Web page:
The spherical secondary aggregates of activated alumina having diameters of 10 to 300 μm are obtainable by arranging sieves one over another so that upper sieves have rougher meshes, with the lowest sieve having the smallest meshes of 10 μm in opening size and with the top sieve having the largest meshes of 300 μm in opening size, placing spherical secondary aggregates of activated alumina in the sieve of 300 μm-mesh, shaking them for 20 minutes with a shaking machine defined by JIS K 1555, and correcting from particles passed through the sieve of 300 μm-mesh those remaining on and over the sieve of 10 μm-mesh.

For example, placing sieves of opening sizes increasing by 25 μm one over another gives portions of spherical secondary aggregates of activated alumina having various ranges of diameters different by 25 μm.

The spherical secondary aggregates of activated alumina used in the present invention preferably have a specific surface area of 100 to 400 m2/g, more preferably 200 to 400 m2/g, further preferably 200 to 300 m2/g. Pores of the spherical secondary aggregates of activated alumina having the above-described ranges of specific surface areas are suited to the adsorption of the liquid decomposed matters resulting from thermal decomposition. The catalytic decomposition mechanism of a part of the liquid decomposed matters taken in the pores accelerates the catalytic decomposition, so that the liquid matters on sliding faces are removed. Thus the reduction of friction coefficient can be prevented and fading phenomenon can be reduced. Spherical secondary aggregates of activated alumina having a specific surface area of more than 400 m2/g tend to be cracked on molding friction materials, and the molded friction materials have poor strength and considerably lose frictional characteristics. On the other hand, those having a specific surface area of less than 100 m2/g may be less effective in exhibiting their high adsorption characteristics, failing to reduce the fading phenomenon. The specific surface area of the spherical secondary aggregates of activated alumina may be measured by the BET adsorption method.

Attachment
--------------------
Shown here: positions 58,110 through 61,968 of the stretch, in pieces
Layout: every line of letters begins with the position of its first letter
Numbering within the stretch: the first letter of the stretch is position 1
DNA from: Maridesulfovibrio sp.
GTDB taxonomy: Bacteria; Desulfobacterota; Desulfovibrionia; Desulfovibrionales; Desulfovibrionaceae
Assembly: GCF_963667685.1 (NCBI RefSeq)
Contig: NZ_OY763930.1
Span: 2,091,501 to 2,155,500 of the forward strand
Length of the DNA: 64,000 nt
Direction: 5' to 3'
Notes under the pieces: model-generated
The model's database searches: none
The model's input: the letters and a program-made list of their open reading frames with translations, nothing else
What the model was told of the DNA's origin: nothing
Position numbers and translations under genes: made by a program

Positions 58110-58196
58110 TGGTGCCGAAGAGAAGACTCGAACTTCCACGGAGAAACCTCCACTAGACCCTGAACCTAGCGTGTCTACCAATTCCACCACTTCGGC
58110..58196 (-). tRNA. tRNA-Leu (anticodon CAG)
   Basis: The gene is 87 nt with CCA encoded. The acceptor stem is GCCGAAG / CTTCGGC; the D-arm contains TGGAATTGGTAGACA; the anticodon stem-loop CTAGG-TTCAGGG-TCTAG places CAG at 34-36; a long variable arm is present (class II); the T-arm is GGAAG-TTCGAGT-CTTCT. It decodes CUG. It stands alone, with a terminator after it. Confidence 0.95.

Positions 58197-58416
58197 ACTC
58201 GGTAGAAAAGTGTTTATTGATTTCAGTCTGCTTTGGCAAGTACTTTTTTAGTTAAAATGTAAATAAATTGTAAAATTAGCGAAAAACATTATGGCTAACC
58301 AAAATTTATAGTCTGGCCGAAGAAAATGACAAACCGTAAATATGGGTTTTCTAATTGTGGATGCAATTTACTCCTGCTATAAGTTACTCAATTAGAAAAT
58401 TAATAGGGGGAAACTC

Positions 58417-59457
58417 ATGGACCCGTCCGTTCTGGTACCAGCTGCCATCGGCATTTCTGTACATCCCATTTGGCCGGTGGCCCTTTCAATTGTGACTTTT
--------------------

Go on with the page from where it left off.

In the present invention, the above-described spherical secondary aggregates of activated alumina, which have a diameter of 10 to 300 μm and are used as a friction adjusting agent, may be substituted by primary particles of activated alumina (they, hereinafter, will be called primary particles of activated alumina) that are yet to be aggregated into secondary aggregates and have a specific surface area of 100 to 400 m2/g and an average particle diameter of 1 to 200 μm.